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Bill Catlette

Bill Catlette

Bill Catlette, @ContentedCows is an executive coach and business author who helps clients build lasting competitive edge by eliminating blind-spots and improving leadership habits.

For better than two decades, late night talk show host, David Letterman ran hilarious periodic segments, Stupid Pet Tricks, highlighting silly tricks that people had taught their pets to perform. In a somewhat similar fashion, most of us manager-types have, over the years and the course of our careers adopted or fallen into habits and thought processes that, when subjected to the harsh light of day, are equally silly, but with more serious consequence. An example…

By Bill Catlette

Recently, I came uncomfortably close to dying in a well-equipped, modern, metropolitan hospital emergency room, a building that I had walked into under my own power. The cause of the near death experience was preventable. It had nothing to do with staffing shortages, Obamacare, or a packed emergency department. Rather, it had a lot to do with listening, specifically the lack thereof. Listening, really listening.

For the past few years there has been a hue and a cry, joined of late by large numbers of HR professionals, suggesting that companies need to stop doing traditional performance appraisals. You know what we’re talking about – those semi-annual (usually), awkward, occasionally unpleasant, and never timely conversations where you and your boss are supposed to sit down and have a documented conversation about what has gone well, and not so well with your work performance.

In a presentation last week for a group of healthcare industry managers, I was asked to comment on “work-life balance.” My remarks were prefaced with the admission that I’m fairly certain I no longer know what “work-life balance” means.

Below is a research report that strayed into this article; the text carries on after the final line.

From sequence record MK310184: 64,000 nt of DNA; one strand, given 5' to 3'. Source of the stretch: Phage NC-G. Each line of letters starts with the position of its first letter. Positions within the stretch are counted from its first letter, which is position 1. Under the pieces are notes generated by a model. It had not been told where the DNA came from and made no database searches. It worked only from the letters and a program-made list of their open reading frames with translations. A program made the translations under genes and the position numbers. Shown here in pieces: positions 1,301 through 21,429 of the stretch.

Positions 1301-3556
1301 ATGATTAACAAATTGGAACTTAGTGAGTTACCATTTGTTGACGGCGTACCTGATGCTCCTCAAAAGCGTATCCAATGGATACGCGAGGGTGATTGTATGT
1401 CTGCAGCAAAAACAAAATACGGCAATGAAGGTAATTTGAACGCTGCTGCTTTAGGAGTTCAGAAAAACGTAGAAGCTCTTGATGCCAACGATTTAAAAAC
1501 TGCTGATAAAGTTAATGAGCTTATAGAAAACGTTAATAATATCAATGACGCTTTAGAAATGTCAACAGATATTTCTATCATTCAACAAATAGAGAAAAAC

At one time, the term implied that there is a point of demarcation where one’s work stops and our private (non-work) life begins, and that there is some reasonable balance between the two.

My last real (corporate) job was an eleven-year run with a very fast moving “550 mph warehouse” as the company’s founder and CEO has been known to put it.

Shortly after I accepted the job offer but before the start date, my new boss, a blunt talking former FBI agent summoned me for a little extra pre-game face time. A central theme of his message was that, in my new role, he expected a lot of mental errors to be made, without which he said, “You won’t be moving fast enough to stay relevant and impactful.”

Another new year has begun, and many of us are now in the process of embracing it, with hopeful ambitions to tidy up our bodies, our lives, habits, homes, you name it. Clearly, we do so with varying degrees of enthusiasm and Commitment (capital ‘C’ intentional), but to be sure, no one enters 2015 with the hope that things will actually get worse. Not to put a damper on the freshness of the season, but some things will get worse if we don’t pay proper attention to them.

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